Planning to compose an event-specific tune relies upon two guiding principles.  

1.  Define the subject of the composition

A thoughtful rendering of an event-specific composition begins by distilling the subject of the composition into a short list of salient, emotive characteristics.  Take care in this step to get to the heart of the subject by listing features that would be immediately recognizable to anyone familiar with the subject. 

The best features for these lists generally originate in the first thoughts that come to mind.  The key point to keep in mind is that the finished composition should evoke feelings and understandings shared by many who know the subject. 

Divide the list into primary and subordinate features.  The primary features are those whose absence would render the definition of the subject incomplete.  Keep the list of primary features short.  Think of each primary feature as the topic of a movement in the final composition.  If you are writing a tune in A-B form, the list of primary features should contain only two items.  It helps to select primary features that differ significantly from each other.  Consciously selecting contrasting primary features will ensure that the movements of the composition will be distinctive and that the overall piece will have clarity.

Once the short list of primary features is set, review the list of secondary features to select those that best support the primary features.  Discard the rest of the secondary features. 

While you are not yet ready to compose, this is the time to begin exploring the musical motives that will drive the composition. 

2.  Allow the subject to set the structure and guide the composition
Once the lists of features are settled, allow these descriptions of the subject to set the composition’s form, tempo and style.  It is best not to begin by forcing the composition into a specific form.  An anniversary event is not always best served by a waltz.  A memorial service does not always require a slow air.    Imposing structure and style at the outset limits compositional options and creativity.  Let the content drive the choice of structure.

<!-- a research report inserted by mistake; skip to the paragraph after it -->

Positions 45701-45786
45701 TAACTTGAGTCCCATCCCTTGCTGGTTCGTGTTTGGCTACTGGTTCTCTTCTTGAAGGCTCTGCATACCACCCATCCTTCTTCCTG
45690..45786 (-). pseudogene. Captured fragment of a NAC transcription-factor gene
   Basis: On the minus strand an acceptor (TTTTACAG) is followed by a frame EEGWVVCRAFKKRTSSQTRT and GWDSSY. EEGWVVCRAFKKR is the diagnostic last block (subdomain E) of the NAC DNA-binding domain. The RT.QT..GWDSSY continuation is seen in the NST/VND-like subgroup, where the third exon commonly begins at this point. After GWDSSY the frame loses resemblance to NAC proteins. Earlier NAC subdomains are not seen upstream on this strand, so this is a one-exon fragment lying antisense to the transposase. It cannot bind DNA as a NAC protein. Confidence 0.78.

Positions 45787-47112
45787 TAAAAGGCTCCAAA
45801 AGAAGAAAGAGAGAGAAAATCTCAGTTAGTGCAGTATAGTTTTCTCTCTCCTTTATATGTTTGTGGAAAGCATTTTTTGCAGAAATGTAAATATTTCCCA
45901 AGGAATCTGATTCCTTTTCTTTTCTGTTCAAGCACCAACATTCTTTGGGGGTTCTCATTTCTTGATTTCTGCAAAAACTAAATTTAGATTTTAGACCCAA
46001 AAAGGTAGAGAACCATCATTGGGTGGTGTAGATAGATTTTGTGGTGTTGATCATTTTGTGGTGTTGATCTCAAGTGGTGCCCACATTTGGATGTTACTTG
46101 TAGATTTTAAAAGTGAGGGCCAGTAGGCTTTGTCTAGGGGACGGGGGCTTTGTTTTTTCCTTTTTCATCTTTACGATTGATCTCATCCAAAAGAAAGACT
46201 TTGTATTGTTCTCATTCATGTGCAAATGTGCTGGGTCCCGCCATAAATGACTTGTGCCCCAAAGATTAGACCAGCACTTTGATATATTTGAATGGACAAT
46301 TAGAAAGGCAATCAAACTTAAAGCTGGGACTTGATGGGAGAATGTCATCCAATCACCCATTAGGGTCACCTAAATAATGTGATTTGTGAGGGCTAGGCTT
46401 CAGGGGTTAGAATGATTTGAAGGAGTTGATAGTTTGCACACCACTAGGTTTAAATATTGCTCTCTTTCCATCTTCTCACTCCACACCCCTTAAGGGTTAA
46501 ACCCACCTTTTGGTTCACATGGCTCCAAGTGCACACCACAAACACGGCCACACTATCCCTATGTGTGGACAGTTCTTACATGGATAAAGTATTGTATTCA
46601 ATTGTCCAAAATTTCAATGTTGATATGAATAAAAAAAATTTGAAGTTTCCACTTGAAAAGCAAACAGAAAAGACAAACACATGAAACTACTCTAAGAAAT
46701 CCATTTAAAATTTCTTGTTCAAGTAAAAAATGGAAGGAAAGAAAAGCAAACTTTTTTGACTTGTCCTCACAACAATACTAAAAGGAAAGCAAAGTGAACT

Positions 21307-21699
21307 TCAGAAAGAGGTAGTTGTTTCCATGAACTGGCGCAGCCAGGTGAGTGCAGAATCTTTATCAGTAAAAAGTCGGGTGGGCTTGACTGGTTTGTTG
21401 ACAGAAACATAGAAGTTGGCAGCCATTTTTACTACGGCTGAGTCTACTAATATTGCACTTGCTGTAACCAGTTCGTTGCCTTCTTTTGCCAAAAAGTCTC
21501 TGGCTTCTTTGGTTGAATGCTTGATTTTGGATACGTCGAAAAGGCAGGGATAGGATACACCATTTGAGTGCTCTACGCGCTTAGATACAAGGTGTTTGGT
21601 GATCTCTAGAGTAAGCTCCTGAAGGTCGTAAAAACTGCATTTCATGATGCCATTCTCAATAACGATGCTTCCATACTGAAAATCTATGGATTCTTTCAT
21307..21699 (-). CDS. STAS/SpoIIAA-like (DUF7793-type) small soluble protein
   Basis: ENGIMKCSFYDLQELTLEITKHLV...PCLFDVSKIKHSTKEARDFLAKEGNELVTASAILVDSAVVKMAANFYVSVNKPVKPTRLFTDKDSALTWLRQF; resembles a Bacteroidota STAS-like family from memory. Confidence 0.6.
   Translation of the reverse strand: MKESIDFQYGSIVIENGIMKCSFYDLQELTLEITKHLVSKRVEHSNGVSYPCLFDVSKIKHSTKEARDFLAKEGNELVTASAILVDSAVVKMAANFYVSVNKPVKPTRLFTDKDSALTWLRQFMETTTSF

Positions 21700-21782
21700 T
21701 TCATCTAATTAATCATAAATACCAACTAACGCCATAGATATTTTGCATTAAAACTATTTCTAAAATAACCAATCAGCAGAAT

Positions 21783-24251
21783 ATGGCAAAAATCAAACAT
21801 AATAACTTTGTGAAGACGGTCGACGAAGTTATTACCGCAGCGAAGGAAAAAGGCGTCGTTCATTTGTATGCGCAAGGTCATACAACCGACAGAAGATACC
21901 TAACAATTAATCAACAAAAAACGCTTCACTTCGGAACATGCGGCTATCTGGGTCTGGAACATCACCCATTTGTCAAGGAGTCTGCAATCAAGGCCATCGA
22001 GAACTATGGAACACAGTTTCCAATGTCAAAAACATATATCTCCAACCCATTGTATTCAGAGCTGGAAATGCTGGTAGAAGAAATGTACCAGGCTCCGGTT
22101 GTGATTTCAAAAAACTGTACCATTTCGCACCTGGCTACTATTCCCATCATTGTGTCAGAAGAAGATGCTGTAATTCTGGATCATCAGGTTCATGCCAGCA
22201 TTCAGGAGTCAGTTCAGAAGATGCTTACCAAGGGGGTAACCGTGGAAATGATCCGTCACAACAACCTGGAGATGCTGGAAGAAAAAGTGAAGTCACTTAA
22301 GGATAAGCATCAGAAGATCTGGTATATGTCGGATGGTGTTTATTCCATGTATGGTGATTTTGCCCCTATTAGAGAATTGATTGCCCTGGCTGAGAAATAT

Do you really compose this way?
It is fair to ask how much of the composition effort is planned in advance and how much is after-the-fact analysis and alteration.  The answer is that the tasks of composition and analysis cannot be untangled.  Even intuitive composers analyze their work as it progresses.  It may be that the analysis is subconscious or done by trial and error.  But the fact is that composition, whether intuitive or not, is a rolling analysis. 

Is there one best way to compose tunes?

Absolutely not.  This approach presented in this article is one of many ways to go about writing music.  Professor Joel Lester explained this best in his book The Rhythms of Tonal Music:

“One of the most tempting fallacies of any discussion about music – 
whether formal or informal- is to generalize a particular 
viewpoint into a universal law.”

While this advice is certainly true, a commissioned work that is relevant to the subject of the commission starts with a thorough understanding of the subject.  Make a list!  Then compose.

The complete article together with an mp3 of the tune and lead sheet will be available in the spring 2012 issue of Dulcimer Players News

“… is difficult enough to say precisely what it is that a piece of music means, to say it definitely, to say it finally so that everyone is satisfied with your explanation.  But that should not lead one to the other extreme of denying to music the right to be “expressive. ‘”
Aaron Coplan
What To Listen For In Music

Friday, January 21, 2011

The Devil in Music - we can't live without it!

A musical interval that spans three whole tones is called a tritone (three + tone).  The interval created by three whole tones is an augmented 4th.  It may also be recognized as a diminished 5th.  Whatever the name, this interval is dissonant in the extreme.  Church practice during the Middle Ages banned the use of this dissonant interval.  They called it “diabolus in musica”…. The devil in music.

But those church leaders were tilting at windmills.  The tritone appears naturally in music.  It can be found on the diatonic scale between the 4th and 7th degrees.  On a G-scale the tritone appears between C and F#.  On a D-scale the tritone appears between the G and the C#.